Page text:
Iberian gas price cap does not benefit energy transition

  • Lusa
  • 14 July 2022

The president of the Portuguese Renewable Energy Association (APREN) believes the Iberian gas price cap mechanism used in electricity production will not "benefit the energy transition".

The Iberian gas price cap mechanism used in electricity production will not “benefit the energy transition”, argued the president of the Portuguese Renewable Energy Association (APREN), Pedro Amaral Jorge, in parliament.

In a hearing in the environment and energy committee, on measures to mitigate the price of electricity in the Iberian market, the association leader stressed on Wednesday that “renewables in Portugal do not benefit from the price increase in the market,” indicating that “a large part of renewables either sell to the supplier of last resort, at a fixed tariff, between 75 and 90 euros per megawatt hour [MWh], or sell through contracts, called PPAs,” which are “long-term contracts for acquisition of energy that suppliers make with producers and the suppliers put that energy on the market.

The APREN president highlighted the positive role of renewables in reducing prices in Portugal. “Renewables in 2021 generated a ‘superavit’ [surplus],” he said, contributing “to reducing the tariff debt by two billion euros compared to what it was previously”.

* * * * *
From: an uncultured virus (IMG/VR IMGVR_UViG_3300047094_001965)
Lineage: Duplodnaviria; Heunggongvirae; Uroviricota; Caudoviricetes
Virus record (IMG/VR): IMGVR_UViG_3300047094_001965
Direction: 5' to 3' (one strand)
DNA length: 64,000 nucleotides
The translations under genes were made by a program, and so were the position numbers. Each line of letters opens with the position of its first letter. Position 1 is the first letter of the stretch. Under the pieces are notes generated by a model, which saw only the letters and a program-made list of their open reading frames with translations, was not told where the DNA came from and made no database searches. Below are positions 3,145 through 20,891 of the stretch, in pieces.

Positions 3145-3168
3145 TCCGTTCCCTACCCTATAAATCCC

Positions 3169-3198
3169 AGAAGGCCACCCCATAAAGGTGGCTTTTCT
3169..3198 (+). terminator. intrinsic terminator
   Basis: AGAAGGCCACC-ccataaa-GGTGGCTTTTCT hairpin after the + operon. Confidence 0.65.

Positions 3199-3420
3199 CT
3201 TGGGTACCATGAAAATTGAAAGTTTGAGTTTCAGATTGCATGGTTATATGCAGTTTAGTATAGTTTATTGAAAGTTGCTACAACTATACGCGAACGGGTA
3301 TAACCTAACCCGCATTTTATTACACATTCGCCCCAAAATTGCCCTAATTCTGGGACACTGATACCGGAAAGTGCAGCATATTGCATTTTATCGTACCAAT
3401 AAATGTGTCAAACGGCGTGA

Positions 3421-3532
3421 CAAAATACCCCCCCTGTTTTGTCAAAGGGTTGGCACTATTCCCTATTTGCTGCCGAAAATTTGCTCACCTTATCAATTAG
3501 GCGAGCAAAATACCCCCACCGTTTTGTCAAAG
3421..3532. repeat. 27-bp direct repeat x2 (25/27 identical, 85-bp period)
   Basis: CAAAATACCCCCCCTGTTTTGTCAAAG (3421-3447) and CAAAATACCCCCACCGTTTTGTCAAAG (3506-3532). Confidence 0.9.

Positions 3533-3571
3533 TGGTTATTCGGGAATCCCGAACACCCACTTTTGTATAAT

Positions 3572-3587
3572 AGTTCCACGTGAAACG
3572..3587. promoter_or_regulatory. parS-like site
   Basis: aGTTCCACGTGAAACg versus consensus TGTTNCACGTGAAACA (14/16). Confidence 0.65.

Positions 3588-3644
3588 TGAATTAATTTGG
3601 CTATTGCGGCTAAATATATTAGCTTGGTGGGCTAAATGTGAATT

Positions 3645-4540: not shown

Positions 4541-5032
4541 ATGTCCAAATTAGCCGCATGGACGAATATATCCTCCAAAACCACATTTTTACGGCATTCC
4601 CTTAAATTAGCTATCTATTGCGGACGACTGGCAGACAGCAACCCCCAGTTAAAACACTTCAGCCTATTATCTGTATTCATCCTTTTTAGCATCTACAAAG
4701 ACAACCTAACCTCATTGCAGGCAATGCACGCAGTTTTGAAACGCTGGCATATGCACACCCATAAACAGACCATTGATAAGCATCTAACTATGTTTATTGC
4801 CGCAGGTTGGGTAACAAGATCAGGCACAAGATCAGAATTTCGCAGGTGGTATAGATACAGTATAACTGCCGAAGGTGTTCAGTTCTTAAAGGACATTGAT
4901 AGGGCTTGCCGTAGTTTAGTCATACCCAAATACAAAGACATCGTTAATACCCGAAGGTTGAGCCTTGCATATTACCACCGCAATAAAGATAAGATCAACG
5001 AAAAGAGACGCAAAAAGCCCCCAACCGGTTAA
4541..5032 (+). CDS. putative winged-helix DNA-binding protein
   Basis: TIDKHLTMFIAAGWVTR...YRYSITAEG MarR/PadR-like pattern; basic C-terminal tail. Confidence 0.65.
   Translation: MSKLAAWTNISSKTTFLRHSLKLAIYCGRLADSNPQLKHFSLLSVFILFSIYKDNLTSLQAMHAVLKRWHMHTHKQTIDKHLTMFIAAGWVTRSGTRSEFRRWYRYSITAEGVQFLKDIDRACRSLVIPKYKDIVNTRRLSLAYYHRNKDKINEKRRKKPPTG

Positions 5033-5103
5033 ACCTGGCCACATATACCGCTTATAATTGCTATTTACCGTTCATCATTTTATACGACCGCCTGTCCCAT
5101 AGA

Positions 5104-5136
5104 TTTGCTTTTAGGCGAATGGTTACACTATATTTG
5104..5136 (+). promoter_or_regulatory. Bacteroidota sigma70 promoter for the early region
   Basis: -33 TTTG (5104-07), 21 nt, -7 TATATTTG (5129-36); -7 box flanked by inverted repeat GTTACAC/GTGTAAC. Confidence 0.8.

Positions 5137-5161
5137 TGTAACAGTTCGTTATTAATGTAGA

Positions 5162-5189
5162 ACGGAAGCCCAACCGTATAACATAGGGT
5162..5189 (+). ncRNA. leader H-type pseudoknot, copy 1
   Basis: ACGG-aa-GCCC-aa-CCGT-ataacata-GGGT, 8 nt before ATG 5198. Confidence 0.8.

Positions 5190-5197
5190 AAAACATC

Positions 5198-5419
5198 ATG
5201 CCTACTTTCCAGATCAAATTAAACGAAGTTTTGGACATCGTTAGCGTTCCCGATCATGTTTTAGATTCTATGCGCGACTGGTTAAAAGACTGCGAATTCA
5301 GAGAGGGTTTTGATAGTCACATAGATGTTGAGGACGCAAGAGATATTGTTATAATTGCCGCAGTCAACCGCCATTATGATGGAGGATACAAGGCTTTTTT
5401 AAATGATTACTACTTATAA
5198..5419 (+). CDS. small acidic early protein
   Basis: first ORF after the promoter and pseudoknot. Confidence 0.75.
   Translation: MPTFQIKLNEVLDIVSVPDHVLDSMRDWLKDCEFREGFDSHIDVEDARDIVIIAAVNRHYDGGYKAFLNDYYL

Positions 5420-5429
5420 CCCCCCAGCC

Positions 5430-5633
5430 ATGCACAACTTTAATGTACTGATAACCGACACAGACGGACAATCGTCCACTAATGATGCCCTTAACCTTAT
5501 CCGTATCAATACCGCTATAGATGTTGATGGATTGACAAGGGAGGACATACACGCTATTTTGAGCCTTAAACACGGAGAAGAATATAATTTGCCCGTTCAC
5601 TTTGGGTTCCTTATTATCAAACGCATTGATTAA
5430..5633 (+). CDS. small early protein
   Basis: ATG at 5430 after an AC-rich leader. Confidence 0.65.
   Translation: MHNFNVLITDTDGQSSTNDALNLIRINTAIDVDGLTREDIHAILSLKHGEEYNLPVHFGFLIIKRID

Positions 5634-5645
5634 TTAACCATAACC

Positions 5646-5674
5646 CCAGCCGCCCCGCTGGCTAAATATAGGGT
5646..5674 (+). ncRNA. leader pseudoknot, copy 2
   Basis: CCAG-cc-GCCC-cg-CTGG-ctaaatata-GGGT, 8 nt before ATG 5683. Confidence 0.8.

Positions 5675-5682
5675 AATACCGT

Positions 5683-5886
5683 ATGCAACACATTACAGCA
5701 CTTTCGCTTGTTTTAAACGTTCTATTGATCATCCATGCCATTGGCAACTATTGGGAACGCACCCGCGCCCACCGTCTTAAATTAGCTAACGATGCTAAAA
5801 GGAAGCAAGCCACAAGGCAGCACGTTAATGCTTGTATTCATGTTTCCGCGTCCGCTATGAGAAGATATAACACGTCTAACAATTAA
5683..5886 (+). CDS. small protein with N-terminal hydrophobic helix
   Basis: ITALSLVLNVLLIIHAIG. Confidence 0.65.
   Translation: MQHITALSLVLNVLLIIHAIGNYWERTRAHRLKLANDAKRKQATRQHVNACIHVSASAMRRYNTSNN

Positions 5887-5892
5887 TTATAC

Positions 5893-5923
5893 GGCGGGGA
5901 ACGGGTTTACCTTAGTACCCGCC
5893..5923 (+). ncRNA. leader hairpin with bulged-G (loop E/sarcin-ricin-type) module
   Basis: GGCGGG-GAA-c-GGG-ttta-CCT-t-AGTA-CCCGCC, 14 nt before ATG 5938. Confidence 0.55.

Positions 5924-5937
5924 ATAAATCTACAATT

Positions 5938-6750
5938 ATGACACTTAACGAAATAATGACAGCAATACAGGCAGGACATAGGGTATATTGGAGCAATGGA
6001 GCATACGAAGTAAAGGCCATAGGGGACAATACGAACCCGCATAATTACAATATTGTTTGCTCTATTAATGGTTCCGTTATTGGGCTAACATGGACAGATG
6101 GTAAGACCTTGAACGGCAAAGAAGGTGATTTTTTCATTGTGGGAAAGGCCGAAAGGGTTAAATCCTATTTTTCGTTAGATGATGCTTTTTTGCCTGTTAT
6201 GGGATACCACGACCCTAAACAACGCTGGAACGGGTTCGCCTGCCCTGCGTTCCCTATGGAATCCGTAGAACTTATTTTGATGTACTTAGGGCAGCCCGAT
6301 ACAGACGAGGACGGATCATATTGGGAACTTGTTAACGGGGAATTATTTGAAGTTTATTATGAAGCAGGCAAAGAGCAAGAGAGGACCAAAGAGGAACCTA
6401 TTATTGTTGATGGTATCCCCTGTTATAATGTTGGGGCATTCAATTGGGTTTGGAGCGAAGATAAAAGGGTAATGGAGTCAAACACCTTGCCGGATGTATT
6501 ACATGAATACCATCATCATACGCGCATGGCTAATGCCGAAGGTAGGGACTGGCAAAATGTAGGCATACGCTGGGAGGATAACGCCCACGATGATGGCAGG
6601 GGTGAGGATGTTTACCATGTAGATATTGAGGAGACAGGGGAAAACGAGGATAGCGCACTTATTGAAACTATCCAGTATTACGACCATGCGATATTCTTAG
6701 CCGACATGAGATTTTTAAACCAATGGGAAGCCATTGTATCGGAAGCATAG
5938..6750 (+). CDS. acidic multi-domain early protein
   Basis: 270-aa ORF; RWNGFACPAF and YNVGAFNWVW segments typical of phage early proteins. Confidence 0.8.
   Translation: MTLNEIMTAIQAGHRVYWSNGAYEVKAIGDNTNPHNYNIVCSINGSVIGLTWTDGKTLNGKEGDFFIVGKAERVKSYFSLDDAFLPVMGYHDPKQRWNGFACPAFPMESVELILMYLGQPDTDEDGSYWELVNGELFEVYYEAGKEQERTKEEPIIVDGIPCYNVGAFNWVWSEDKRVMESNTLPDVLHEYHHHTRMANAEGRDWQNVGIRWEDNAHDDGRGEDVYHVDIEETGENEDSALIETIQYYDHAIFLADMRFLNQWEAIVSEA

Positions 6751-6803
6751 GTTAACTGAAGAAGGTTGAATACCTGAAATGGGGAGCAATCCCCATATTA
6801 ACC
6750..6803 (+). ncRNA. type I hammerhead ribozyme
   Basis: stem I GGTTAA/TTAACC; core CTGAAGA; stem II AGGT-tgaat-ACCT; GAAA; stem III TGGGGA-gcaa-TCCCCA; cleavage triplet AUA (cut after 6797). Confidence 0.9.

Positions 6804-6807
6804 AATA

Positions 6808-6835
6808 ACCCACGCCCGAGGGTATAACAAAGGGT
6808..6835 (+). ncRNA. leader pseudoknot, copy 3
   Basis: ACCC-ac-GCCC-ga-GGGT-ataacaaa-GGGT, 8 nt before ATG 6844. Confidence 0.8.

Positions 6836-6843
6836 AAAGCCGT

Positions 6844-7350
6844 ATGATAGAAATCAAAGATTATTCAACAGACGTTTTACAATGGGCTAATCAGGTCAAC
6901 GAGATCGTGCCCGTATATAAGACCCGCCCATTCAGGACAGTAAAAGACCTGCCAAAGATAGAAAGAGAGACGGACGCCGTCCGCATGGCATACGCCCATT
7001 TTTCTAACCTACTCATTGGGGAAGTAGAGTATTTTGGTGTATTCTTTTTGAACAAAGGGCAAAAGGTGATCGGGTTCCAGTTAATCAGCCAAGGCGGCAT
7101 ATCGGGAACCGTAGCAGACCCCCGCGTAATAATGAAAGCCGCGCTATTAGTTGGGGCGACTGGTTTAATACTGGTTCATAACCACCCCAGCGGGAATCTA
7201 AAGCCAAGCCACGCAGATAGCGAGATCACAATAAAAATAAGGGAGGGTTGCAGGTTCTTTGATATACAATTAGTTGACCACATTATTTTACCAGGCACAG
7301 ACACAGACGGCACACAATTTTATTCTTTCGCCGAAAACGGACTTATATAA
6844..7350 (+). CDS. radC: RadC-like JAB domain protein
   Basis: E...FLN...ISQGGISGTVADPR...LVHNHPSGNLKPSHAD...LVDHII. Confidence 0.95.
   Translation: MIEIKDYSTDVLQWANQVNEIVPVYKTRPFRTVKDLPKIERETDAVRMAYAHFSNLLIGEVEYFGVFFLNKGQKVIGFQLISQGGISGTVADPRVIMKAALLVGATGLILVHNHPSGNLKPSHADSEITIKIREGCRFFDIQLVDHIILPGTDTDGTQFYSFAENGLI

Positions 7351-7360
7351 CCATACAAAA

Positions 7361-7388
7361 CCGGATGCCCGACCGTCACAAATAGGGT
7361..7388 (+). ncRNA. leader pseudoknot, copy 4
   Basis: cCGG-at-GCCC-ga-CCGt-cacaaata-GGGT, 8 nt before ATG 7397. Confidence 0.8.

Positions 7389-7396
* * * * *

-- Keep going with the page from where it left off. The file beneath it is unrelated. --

“Without renewables, Portuguese consumers would be paying much more,” he stressed, explaining that the overcosts became extra gains, especially for the domestic customer.

The APREN president questioned whether putting a cap on gas prices will actually have benefits for consumers. “In the first days the price did not fall to what was expected,” he mentioned, highlighting that he does not know how to answer whether “this mechanism will work”, but stressing that the ‘cap’ “is not a measure that will benefit the energy transition”.

“The increases do not benefit renewables, nor do they cause prices to rise, quite the contrary, they reduce the average price of electricity,” he assured.

In addition, he warned, “the mechanism, from the point of view of attracting investment to Portugal, is not beneficial, because it gives the wrong signals that we can arbitrarily create a regulatory change, increasing the notion of country risk.”

As well as Pedro Amaral Jorge the MPs heard from the president of the Energy Services Regulatory Authority (ERSE), Pedro Verdelho, and Carmen Becerril Martinez, who heads the Iberian OMIP SGMR (forward market) and OMIE (spot market) on the mechanism and prices in the wholesale electricity market.